Just under 30 percent of parents today say they are planning to pay for their kids to go to college, according to a brand new report released by Fidelity.
But FOX44 found one Central Texas family toughing it out and footing the Baylor bill for not one, but FOUR family members at the same time – with one more on the way.
A Dallas-area couple is going back to school with their kids in Central Texas.
Paul and Debbie Tkach are joining two of their kids who are already enrolled at Baylor. This makes four current family members all studying at the same time.
Their son Joey is a film major, while their daughter Suzie is a political science major – each planning to attend grad school. In addition to this, the parents have signed up for the university’s online MBA program.
There is a chance all four could walk the graduation stage together next year – despite one of the kids lobbying against this.
“Nothing really much has changed in that area, in that we’re even beyond the original crazy Baylor family,” Debbie says.
Can the family that studies together stay together? Well this one does, and they’re all involved.
“100 percent honest, it’s very tiring. And sometimes you’re like, ‘Wow, why did we do this?’ But in the end, I know it’s going to pay off,” Debbie says.
While Suzie does homework on campus, Joey is in class one building over – and 86 miles away from Waco, Paul and Debbie are doing the same thing. They are a new age Baylor Brady Bunch.
“A new found respect for what they’re going through, yes,” Paul says.
“I thought it was a joke at first. My parents always joke around about how, ‘Oh, we’re going to move to Waco and just keep an eye on you, or something,’” Suzie says.
The matriculating mom and dad have enrolled in Baylor’s online MBA program. This comes more than 20 years after Debbie received her undergrad from the university – when she met Paul at the IHOP across the street.
“We had two of our three kind of out of the nest, and we had a little more time on our hands – or at least we thought we would,” Debbie says.
“I’ll try to call my mom and ask her, just to talk or anything, and she[‘s like,] ‘Oh no, I’m doing homework right now, I can’t talk.’ And I was like, ‘I thought I was the only one that was doing homework,'” Suzie says.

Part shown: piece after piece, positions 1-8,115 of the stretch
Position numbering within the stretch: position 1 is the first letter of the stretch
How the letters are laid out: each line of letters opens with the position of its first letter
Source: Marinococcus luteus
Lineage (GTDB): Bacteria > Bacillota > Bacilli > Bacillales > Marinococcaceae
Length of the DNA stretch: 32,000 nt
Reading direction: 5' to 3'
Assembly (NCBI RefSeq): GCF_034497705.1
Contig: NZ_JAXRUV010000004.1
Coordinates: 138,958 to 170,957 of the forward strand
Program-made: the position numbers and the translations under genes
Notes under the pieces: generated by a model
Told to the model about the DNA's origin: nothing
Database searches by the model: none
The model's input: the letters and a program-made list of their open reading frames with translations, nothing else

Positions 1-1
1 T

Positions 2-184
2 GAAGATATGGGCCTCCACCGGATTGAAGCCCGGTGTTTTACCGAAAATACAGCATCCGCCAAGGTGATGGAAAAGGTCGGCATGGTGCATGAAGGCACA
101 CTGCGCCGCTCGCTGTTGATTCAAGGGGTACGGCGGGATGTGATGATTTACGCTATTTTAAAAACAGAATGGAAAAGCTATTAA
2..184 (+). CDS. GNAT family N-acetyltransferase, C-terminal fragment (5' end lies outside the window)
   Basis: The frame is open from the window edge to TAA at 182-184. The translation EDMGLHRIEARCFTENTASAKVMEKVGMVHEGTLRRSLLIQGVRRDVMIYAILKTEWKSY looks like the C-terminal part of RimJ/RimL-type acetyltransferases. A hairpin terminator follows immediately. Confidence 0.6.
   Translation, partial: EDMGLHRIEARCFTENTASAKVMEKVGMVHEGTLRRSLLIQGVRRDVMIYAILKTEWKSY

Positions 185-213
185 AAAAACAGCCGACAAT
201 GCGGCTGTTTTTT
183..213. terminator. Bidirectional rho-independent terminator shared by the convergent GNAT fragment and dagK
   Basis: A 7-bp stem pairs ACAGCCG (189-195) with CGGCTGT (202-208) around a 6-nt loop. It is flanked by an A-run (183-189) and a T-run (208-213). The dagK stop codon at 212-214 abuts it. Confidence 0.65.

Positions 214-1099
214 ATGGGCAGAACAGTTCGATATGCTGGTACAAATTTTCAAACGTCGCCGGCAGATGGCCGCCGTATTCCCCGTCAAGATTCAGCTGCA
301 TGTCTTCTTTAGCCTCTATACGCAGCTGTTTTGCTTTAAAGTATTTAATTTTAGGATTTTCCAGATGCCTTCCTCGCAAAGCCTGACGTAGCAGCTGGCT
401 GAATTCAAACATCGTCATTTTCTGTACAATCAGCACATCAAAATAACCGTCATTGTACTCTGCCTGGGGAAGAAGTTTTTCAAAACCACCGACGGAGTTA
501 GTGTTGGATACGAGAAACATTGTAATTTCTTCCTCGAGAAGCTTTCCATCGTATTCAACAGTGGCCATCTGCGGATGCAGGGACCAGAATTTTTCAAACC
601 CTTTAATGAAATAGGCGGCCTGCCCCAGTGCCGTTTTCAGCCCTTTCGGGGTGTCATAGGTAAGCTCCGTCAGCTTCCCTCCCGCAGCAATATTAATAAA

The Dallas-area parents are juggling classes with full-time jobs – not to mention raising three kids.
Their youngest son, Joshua, is in high school – and guess where’s he wants to go to college.
“We’ve always said, ‘You have to get your education.’ That’s key for us. And for us to demonstrate that by going through it with them, I think is a way for us to show kind of like, we’re putting our money where our mouth is,” Debbie says.
The financial undertaking of putting two generations simultaneously through college can seem unbearable.
Nationally, in 2017, families paid nearly $24,000 on college tuition. According to Baylor’s current pricing, the Tkach’s are pushing $207,000 this year.
“Joey and Susie were both awarded some pretty decent scholarships. Then we added in our tuition, but we have gone to finding government funding, and Paul’s on a veteran’s scholarship. It’s not huge, but every little bit helps,” Debbie says.
Despite the stresses, no one’s denying Papa Bear is the biggest fan of all.
“My dad rocks Baylor every single day. He goes full out with the hat, the jacket, even sometimes like sweatpants that have, like, Baylor logos on them,” Suzie says.
Come next year though, it could all be worth it. For a chance to walk the stage together for some family fun.
“My son thought about delaying his graduation a semester so we could all four go across at the same time. Because he’s all for it, he’s like, ‘Yeah, let’s mess up Suzie’s day!,'” Debbie says.
“I may stick around an extra semester just so I can have my own little day for graduation and not have her stealing my thunder,” Suzie says.
Paul and Debbie say online made the most sense because it gives them flexibility with work and the kids. And with three graduations currently lined up almost simultaneously, they will get a little breather with the youngest still about a year away.